‘Students going on after high school is my heart and soul’

CALDWELL — Tears of joy streamed down the face of Vision Charter School teacher Becky Mitchell on Thursday. She was teaching English to her high school students when State Superintendent Sherri Ybarra snuck into Mitchell’s classroom with flowers and balloons to break the news that she was selected Idaho’s 2018 Teacher of the Year.

“I’m shocked,” Mitchell said. “To know that people are watching and for them to think I’m doing a good job is pretty amazing.”

Mitchell, a 20-year educator, comes from a long line of teachers in her family and she never thought she would work in education. She dreamed of becoming a Supreme Court judge or a pharmacist. But that all changed while attending Northwest Nazarene University (NNU). She was a peer tutor, which led her to the passion of helping people learn.

“Teaching is in my blood,” Mitchell said. “I will probably teach until I die because I enjoy students.”

Mitchell teaches English, physical science, drama, broadcasting and is the tennis coach at Vision Charter School. In her career, she’s taught kindergarten, Spanish and college courses.

“Students are the best part of my day,” Mitchell said. “I love working with teenage minds.”

Mitchell is most passionate about students going on to college or being prepared for workforce. Teaching dual-credit classes has demonstrated to Mitchell the challenges students face while selecting paths for the future.

“Going on is my heart and soul,” Mitchell said. “Every kid that comes through my classroom has the capability of going on. I want to show them the options they have.”

Mitchell wants to be an advocate for continuing education past high school. Last year she revamped her senior project assignment. She no longer wanted students restoring an antique car or creating a chicken coop. Instead, she required students to complete an internship or do a job shadow in their chosen career path. Students then crafted their experience into a senior project.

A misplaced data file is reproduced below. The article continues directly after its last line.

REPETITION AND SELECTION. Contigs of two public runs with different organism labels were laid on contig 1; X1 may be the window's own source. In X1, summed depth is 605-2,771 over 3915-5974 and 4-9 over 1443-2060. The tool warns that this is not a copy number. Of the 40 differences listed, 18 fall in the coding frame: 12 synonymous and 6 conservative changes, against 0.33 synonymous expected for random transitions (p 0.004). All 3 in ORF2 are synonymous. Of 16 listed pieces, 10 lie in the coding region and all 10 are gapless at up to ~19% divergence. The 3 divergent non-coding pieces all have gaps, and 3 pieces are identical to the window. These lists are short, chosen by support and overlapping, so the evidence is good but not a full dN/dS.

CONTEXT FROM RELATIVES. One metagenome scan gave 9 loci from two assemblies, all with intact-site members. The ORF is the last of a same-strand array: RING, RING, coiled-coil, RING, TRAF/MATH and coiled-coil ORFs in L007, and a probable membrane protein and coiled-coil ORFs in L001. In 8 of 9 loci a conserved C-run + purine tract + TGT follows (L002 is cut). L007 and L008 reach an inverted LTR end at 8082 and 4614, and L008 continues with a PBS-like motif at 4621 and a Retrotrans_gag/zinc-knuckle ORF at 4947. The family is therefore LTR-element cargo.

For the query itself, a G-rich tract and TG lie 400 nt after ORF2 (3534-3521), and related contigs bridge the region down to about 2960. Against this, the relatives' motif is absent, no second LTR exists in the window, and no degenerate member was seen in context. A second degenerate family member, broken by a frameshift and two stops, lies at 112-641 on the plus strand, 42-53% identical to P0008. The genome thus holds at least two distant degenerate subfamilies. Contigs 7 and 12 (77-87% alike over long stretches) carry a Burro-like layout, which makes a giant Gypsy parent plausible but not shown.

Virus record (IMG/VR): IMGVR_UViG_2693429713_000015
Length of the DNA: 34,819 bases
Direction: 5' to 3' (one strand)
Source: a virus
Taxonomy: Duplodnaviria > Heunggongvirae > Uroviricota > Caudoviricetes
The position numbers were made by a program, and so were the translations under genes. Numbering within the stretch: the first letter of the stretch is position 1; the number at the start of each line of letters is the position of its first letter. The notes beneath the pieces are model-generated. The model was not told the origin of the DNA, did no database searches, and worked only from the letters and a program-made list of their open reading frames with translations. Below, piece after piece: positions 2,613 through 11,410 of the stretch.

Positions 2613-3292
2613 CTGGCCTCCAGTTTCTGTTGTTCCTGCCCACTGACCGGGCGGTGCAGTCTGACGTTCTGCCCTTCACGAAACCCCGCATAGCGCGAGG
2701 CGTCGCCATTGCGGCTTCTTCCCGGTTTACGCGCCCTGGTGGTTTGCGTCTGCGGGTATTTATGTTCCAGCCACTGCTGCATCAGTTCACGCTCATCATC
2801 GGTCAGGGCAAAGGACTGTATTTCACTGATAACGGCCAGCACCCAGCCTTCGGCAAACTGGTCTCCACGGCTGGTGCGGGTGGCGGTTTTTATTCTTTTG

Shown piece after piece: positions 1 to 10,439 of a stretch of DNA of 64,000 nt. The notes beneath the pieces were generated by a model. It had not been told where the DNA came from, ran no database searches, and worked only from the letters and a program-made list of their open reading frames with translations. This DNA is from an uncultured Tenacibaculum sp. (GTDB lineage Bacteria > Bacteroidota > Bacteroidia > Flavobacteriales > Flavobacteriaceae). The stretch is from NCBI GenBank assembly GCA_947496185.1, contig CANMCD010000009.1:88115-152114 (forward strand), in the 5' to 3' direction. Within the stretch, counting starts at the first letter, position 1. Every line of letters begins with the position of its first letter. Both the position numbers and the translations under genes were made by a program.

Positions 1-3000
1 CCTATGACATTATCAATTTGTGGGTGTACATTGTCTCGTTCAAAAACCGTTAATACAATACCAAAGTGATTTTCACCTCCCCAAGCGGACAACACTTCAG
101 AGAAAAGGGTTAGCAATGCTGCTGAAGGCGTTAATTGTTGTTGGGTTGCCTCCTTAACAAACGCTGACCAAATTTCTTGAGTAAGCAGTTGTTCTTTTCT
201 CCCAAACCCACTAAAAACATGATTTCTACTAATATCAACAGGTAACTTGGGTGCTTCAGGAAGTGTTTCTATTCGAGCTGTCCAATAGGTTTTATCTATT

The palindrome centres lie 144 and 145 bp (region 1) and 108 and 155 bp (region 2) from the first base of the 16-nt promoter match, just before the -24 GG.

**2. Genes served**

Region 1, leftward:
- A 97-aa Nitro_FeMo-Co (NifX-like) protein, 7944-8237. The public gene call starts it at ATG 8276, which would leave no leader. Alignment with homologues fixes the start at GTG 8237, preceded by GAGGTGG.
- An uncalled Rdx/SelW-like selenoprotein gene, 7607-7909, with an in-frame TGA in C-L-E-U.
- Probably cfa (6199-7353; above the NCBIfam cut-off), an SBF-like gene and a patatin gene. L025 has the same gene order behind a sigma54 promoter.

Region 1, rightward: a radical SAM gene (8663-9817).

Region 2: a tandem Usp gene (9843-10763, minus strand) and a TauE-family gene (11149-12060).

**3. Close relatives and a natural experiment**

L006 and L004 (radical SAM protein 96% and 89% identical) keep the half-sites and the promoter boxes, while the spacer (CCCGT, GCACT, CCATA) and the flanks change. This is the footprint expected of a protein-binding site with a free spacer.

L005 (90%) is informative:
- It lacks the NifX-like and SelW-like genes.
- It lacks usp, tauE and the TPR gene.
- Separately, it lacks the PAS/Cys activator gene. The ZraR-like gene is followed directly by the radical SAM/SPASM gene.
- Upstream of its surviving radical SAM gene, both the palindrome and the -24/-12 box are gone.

“I want to encourage this generation to jump with their parachute and grab the future,” Mitchell said.

Mitchell studied chemistry, English and physical science education at NNU. She received her master’s degree in science education from the University of Montana.

Mitchell helped build Vision Charter School’s robotics program and she is a mentor for the Idaho Science and Aerospace Scholars program.

“(Mitchell) is very supportive and hands-on,”  said Taylor Herndon, a senior at Vision Charter School. “When she notices you’re struggling with a subject she will go out of her way to fix where you’re going wrong.”

Past Teacher of the Year recipients have addressed the Legislature on the needs of students and the state of public education. Mitchell said she would like the world to know about the opportunities Idaho offers after high school.

Thursday’s announcement came with a school celebration in the gymnasium. Those who attended the celebration included Ybarra, Rep. Greg Chaney, community leaders, board members, Northwest Professional Educators leaders, Mitchell’s family and students.

“(Mitchell) has created a classroom environment where dynamic differentiations is the norm,” said Wendy OldenKamp, the administrator at Vision Charter School.

Mitchell was in the running for the award with 10 other Idaho teachers. A committee made up of members with various ties to Idaho education ultimately selected her application.

As part of her award, Mitchell received a $1,000 check from the state. The state will also pay for her to travel to Washington, D.C., to attend a ceremony at the White House to represent Idaho in the National Teacher of the Year program.


Andrew Reed

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